New York utility Consolidated Edison has reported avoiding an impressive 20,000 outages so far this year, including 5,000 of them in one area during the first weekend in July, due to the installation of new grid technologies.
The US$1 billion program for storm hardening following Sandy has seen the installation of thousands of sectionalizing fuses on its overhead system, as well as reclosers. Further storm-hardening projects will continue into 2015 and 2016 [Engerati-Asset Management Before Its Urgent].
“The post-Sandy storm hardening improvements are paying service reliability dividends for our customers,” comments Robert Schimmenti, Con Edison’s vice president of Engineering and Planning.
4kV system upgrade
As part of its distribution system modernization, Con Edison is seeking to optimize 4kV distribution grid performance, reduce electrical losses, enhance performance monitoring and analysis, and improve voltage control methods.
The portion of Con Edison’s distribution system that uses 13kV and 27kV equipment has a greater percentage of substations and feeders currently equipped with automated digital controls and access to SCADA systems. However, the 4kV grids use analog systems with electromechanical controls and typically serve areas where load growth has been modest. Replacing the 4kV grids with higher voltage systems is cost prohibitive in New York due in part to the high cost of real estate.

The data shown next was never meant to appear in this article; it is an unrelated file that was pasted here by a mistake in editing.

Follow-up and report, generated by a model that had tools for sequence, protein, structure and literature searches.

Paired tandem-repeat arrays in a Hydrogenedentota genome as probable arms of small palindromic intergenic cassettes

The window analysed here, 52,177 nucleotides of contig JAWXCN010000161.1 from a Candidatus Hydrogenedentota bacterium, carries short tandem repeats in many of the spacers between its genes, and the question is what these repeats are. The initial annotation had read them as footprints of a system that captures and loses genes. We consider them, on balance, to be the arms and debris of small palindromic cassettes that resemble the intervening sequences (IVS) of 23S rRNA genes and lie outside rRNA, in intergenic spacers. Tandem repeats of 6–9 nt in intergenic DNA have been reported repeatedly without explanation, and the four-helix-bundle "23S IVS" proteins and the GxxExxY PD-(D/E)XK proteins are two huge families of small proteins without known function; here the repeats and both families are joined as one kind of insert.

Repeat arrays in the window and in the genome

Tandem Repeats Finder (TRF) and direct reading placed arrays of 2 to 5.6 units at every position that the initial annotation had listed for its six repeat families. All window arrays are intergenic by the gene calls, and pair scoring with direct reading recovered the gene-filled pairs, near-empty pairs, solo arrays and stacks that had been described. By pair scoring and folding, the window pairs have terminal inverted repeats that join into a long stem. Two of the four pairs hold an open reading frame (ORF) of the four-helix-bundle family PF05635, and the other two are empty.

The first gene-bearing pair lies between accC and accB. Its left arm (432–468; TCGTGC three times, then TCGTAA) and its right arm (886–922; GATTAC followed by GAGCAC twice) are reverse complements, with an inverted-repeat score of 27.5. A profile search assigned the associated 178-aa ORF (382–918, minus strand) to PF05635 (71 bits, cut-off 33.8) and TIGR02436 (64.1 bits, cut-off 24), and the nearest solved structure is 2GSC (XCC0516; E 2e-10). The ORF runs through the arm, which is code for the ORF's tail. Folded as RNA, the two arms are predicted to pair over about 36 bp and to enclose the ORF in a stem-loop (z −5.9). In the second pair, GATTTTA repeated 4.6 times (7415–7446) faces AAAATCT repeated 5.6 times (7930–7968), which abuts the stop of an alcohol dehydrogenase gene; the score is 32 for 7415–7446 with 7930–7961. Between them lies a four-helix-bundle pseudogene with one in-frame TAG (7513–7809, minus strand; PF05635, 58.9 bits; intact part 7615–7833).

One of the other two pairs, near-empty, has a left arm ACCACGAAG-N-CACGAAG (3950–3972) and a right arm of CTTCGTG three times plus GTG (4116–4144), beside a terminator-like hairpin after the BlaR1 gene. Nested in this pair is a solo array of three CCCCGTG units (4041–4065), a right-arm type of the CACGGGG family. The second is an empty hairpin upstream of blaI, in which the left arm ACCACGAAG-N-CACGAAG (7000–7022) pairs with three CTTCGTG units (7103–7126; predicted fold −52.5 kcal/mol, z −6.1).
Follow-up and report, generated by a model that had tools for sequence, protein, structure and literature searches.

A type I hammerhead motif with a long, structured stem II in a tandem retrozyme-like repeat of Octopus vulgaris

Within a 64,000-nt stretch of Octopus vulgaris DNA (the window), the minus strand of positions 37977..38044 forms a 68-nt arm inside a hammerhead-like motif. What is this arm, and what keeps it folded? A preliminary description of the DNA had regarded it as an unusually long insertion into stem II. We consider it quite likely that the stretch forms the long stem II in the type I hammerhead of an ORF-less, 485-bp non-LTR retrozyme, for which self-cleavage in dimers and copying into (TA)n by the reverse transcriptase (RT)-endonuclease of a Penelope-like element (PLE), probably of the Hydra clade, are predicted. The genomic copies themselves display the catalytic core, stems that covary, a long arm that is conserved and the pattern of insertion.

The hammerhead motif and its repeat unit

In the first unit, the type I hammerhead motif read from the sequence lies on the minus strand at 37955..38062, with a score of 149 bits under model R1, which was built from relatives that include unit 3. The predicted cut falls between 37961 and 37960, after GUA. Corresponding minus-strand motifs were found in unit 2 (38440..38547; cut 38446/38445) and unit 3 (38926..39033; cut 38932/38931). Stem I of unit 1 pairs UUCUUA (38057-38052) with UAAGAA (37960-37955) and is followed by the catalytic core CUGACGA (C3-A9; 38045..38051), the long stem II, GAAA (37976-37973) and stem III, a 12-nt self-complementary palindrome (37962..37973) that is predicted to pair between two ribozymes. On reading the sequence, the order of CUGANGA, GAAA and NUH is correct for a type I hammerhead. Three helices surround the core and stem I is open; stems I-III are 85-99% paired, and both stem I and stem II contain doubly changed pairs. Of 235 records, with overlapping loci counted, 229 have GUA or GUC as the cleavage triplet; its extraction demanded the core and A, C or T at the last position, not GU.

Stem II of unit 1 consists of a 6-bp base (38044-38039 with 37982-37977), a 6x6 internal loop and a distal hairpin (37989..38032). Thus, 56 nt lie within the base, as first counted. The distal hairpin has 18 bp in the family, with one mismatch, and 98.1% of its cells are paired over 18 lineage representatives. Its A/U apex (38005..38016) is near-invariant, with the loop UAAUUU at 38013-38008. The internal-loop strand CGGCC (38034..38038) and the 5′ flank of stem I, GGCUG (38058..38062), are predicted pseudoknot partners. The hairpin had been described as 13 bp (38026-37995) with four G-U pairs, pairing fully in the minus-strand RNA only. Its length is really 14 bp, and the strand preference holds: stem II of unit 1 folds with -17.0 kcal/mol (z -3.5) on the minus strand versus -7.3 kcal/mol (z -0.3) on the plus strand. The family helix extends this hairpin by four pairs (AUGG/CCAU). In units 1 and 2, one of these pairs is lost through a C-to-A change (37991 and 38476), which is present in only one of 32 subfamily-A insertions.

The project, partially supported by a Smart Grid Investment Grant from the US Department of Energy (DOE), includes the installation of pole mounted distribution capacitors, load tap changer (LTC) controllers at 4kV unit substation transformers, power quality and battery monitoring systems, and development of 4kV grid models for enhanced load flow analysis.
Key project results
1. Asset utilization and capacity management
i. Increased 4kV unit substation capability by 31.1MVA or 2.8% under peak conditions with net savings of US$15.7 million.
ii. Reduced 4kV system primary losses by 2.3 percent under peak conditions.
2. Voltage controls for reactive power management and energy efficiency
iii. Reduced reactive power requirements at the aggregate level of 33 substations in Queens by about 12.3% and 9.9% over a one-year test period through the application of advanced LTC controls.
iv. Increased power factor at these same substations by about 2% and 1% over the same one-year test period.
v. Reduced annual system energy losses by 4,500 MWh that saved an estimated $0.34 million in annual energy costs and reduced CO2 emissions by about 340 metric tons.